I am one of the few who prefers digital, at least with my setup, enough to sell off my vinyl collection. I'm not going to suggest any equipment changes as your rig sounds pretty digital friendly. There are many here who love their vinyl rigs and feel digital can never match analog. Give the tt a try and see how that works for you. Maybe you'll join their ranks.
The thought of a DAC has aroused my curiosity. Don’t know anything about these, so if anyone would care to validate (or correct) my thoughts I would be very appreciative.
So, does a DAC reside between the CD and pre-amp for converting the incoming CD signal to analog? Also, one quality I do like about my Saturn is its level of detail, which I wouldn’t want to loose during this conversion process – would it be compromised?
I did look in on the Nixon TD2 DAC and maybe it’s just what the doctor would order. However, I don’t want to loose any detail, but rather edge and all at the same time gain sweetness. Am I asking for to much?
I don't think you will ever get what you are seeking from the Rega CD player. Digital is too convenient and there's too much content out there to dismiss it(I am a vinyl guy and have a music server but CD's (and SACD's still get alot of playtime for me) all together. It is difficult to get (CD sound)right, but very possible. Tubes or SS just give you a different sound-neither can make a CD player give you the "nirvana" you arer seeking. It's either getting retrieved off the disc, or it isn't. Exceptional CD sound is out there. It's just a question of finding the right player and subsequent system synergy in the music chain.
Back when Stereophile and TAS went from using zip coded address labels to bar coded address labeling, I remember reading Letters to the Editors threatening to cancel subscriptions if the dreaded digital bar code continued to be printed was on the front of their beloved magizines. Well... Stereophile and TAS survived and today we're still trying to figure out what we have to do to enjoy "digital" music. I hope I live long enough to figure this out.
I will bet you anything it is not just because it is solid state or because it is CD. People can argue cd is no good ad-infinitum BUT I have heard CD better than a 10K analog rig and I have heard a 1K turntable sound better than CD.
As a person who owned the Rega plane years ago and have heard the Saturn... whew ...here I go. It is the Regas fault. They look nice and in a budget system I guess they are ok. I could not stand the sound of the Rega units. I used it ONLY as a transport but even as a transport it is nothing to talk about.
It is compressed, cold and lacking any type of musical depth. I remember back in the day the major mags used to rave about the Rega Planet. I could not for the life of me understand what they were talking about.
Try a Consonance CD player but I promise you the Rega CD player is the culprit, don't know anything about there other products, never heard them.
I had a Rega Planet 2000 and it was a bit full sounding and not especialy open or liquid but was pretty good as far as tone and fun factor IMO fwiw...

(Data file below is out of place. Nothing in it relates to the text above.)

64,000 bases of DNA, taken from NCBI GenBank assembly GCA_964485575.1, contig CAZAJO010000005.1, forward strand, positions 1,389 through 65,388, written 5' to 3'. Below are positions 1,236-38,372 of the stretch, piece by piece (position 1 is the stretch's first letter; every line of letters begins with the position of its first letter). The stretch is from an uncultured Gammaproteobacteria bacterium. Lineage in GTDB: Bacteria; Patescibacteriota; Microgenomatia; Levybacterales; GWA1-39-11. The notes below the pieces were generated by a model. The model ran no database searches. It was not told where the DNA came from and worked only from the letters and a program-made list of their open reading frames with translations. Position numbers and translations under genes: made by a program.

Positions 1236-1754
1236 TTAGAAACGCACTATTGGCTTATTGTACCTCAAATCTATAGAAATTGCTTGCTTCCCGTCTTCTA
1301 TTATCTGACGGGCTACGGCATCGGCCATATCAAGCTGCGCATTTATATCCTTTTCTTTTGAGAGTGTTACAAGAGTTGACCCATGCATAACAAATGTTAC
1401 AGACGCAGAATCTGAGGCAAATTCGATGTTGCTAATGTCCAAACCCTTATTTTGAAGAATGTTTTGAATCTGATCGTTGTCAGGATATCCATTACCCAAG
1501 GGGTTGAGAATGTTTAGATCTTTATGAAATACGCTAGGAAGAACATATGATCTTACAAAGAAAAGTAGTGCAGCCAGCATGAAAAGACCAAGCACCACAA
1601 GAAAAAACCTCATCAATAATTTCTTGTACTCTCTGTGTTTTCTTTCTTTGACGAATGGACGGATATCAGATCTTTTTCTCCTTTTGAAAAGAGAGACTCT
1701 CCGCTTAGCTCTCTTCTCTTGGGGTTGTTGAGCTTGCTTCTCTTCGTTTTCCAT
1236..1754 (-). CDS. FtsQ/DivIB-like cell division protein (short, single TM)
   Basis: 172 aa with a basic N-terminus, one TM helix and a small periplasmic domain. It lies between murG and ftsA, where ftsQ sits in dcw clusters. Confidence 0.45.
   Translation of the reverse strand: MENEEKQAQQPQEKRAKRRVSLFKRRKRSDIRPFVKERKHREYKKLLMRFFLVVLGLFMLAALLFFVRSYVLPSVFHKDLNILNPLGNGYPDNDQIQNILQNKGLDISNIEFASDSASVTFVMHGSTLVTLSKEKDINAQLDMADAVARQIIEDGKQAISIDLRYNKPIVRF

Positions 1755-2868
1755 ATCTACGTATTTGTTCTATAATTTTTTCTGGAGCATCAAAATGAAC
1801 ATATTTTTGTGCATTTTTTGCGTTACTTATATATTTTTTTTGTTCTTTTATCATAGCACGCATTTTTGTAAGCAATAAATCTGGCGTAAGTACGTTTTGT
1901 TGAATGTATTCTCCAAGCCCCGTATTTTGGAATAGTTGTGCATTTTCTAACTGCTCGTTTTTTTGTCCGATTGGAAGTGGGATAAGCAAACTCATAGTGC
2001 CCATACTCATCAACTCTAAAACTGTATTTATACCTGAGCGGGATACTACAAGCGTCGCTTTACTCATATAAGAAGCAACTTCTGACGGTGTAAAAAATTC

You are obviously a tube guy trapped in a solid state body.
I agree with the others here that state you need some tubes in the mix. Some nice warm cables may also help.
I run a tube rectified Modwright preamp in my otherwise SS system. It certainly helped to inject some warmth, body, and sweetness (once I found my preferred tubes); while retaining excellent resolution. And, I'm running CD with a SS DAC.
I wouldn’t call my system lush, by any means. But, I’ve got enough of that tube sweetness to make for a highly engaging, yet un-fatiguing presentation.
Mooglie makes a good point. I might think a tubed preamp could be tried.
You just might want to try a tube DAC. I'm breaking in a Music Hall DC 25.2 and it blows my Consonance CD-120 Linear into the weeds. I leave in on the lowest,
'locked' setting as the 96 and 192 settings seem a bit etched or too finely honed for my tastes and have just rolled a Matsushita tube (NOS from the '70s) and the bass is now all I can ask for. Plus it tightened up the rest of the range some and the sibilance is lessened. All in one day and I'm impressed.
It might be just what the doctor ordered.
Its not vinyl but what is?
Mapman - ""I'm starting to believe that first impressions about audio equipment are quite close to the final opinion." I think that's debatable at best. Peoples impressions change over time with familiarity and so does the sound of new equipment.
I agree with you conceptually, of course, but in practice the question is a matter of degrees. Break-in and increased familiarity are marginal increases; the initial impression sets the baseline. If you hate a piece of equipment on first hearing, things aren't going to get enough better to make one enthusiastic.
i have tube preamp (quad QC24) and quad909 poweramp. i love this combo, since i have the benefit of both sides. even with a low end cdp, the music shines and has presence and soul. i think you need good and matching tube preamp. i heard only apollo, but i think even that cdp is good enough. it's a matter of taste, but for me the rega speakers are smooth but lacking a tight bass (for me). one more thoght: marantz sacdp -esp. on sacd- are quite analog-ish sounding and not 'over-analitical', and sacd is definitely closer to vinyl experience.
I too used to have a CJ tube amp also (an MV55 w/ PV10). I've also used a Pass Labs class A single ended solid state and now use Rega RS3 w/ Elicit. Simple answer is there is just no way you are going to get that blooming midrange warmth you loved about the CJ from the Rega. What you will get is much better bass response, and clearer sound that is also free of the upper range (treble mainly) distortion tubes have. In direct comparison with the solid state pass labs the most notable thing was the total absence of any grit, grain and distortion in the treble relative to the tube amp. What the CJ had was more body and impact in the midrange- but in the rest of the spectrum the Pass was superior and the Pass midrange was still good, just not as good as the CJ. I abandoned tubes and class A solid state amps as much for practical considerations as sonic ones. That brought me to the Elicit Integrated. For me the Rega system sounds neither tubey or solid state sterile- it is uncoloured but remains open, coherent and musical. I notice where it falls short relative of tubes, but also where it shines. I have used the saturn but prefer the Jupiter 2000, the Saturn is a little unforgiving of some cd's and is very neutral through the midrnage whereas the Jupiter adds more body- which I prefer for cd playback. I am one of a minority who feel that Regas newer players actually represent a step back- I like the original planet and the Jupiter 2000 better than the Apollo or Saturn. I find their older players to be much closer to analog.
I think there's a simple answer here. If you still have records, get a turntable. If not, proceed using the advice already given and try to get the most out of your digital/SS rig.
Besides, I would make an educated guess that 90% of your problem was that your new speakers hadn't broke in yet.
Also, in case nobody has mentioned it, SS gear likes to be left powered on. So leave it on, unless you know you won't be listening at all for the next 2 or 3 days.